​I-79 Media Consults trains campus journalists on reporting, fact-checking

​I-79 Media Consults trains campus journalists on reporting, fact-checking
Jacob, Olajide Alawode

Nigeria’s unique social enterprise hub, I-79 Media Consults has trained not less than 400 campus journalists across the country on writing, reporting and fact-checking.

The training with the theme: “The Dynamics of Journalism in the 21st Century” forms part of the organisation’s Webinar Series for Campus Journalists.

A statement by the organisation said that the webinar was organised between Friday, April 17 and Sunday, April 19, “for campus journalists across the country and beyond during this time of lockdown occasioned by the outbreak of coronavirus (COVID-19).

“We believe that this webinar, a core focus of this organisation, will help refresh the brain of our teeming army of campus writers.

“I-79 Media Consults also wants to make the participants more familiar with available media opportunities.”
The participants were drawn from 32 campus press outfits from 16 states across Nigeria’s six geographical zones including the Federal Capital Territory and the Benin Republic.

The participants were trained on Developing Career in Writing and the Various Forms of Writing by two-time Amazon Best Seller and Life Coach, Michael Jacob; News Writing Principles by media scholar and journalist, Jonathan Olajide and Fact-checking and Disinformation by a fact-checker with Dubawa, Nigeria’s first verification platform, Ibrahim Alawode.

Jacob, during the first session, demystified the myths surrounding writing, adding that: “Not everyone will like your writing, not everyone will be your fan until you become a celebrity writer. Even then you will still have those who wouldn’t love you.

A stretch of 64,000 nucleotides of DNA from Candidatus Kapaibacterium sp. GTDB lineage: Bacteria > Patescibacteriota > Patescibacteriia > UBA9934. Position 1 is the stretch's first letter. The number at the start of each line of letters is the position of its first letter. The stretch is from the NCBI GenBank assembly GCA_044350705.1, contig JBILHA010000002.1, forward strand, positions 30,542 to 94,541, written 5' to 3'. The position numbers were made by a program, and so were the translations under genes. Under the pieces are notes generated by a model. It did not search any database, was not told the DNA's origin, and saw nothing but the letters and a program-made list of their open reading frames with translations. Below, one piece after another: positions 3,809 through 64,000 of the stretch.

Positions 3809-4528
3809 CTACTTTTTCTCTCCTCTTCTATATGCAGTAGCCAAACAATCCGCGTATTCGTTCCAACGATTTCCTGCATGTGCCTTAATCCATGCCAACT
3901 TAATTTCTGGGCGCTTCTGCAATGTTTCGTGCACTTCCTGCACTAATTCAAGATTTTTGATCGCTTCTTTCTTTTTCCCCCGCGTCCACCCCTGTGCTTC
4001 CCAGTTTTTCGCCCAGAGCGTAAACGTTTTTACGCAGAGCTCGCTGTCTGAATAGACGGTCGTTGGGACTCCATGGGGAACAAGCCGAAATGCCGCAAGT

“So, consistency means writing even when no one is reading. The truth is, there is always someone reading.”

During the second session, Olajide, a lecturer at the Moshood Abiola Polytechnic, trained the participants on newswriting techniques.

On newswriting principles, Olajide said they are rules, guidelines, framework reporters must observe in writing news.

“These principles are learnt in the four corners of news writing class, improved upon by reporters based on field experience after graduation.

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“In writing news, reporters must be guided by the most significant principles including Fairness, Objectivity and Balance. These are fundamental principles.

“Regardless of the dynamics of this current century and those of the past, these three principles are sacrosanct,” Olajide said.

Alawode, on the other hand, said: “In the world today, everyone is a content producer, unlike the age before the internet and social media where we have more content consumers than producers. People manufacture contents from the comfort of their rooms and throw them into the space. The reason why social media is called the Misinformation industry.”

He charged the participants to be wary when a particular information goes viral than normal; wrong quotes are attributed to celebrities including politicians of high repute; no reputable source is following the trend; within the text or news report, there are contradictory statements and media content fail to correlate with the message passed.

I-79 Media Consults is a media training, consultancy and career development hub which has provided career insights, advice and mentorship for more than a hundred (500) media enthusiasts directly.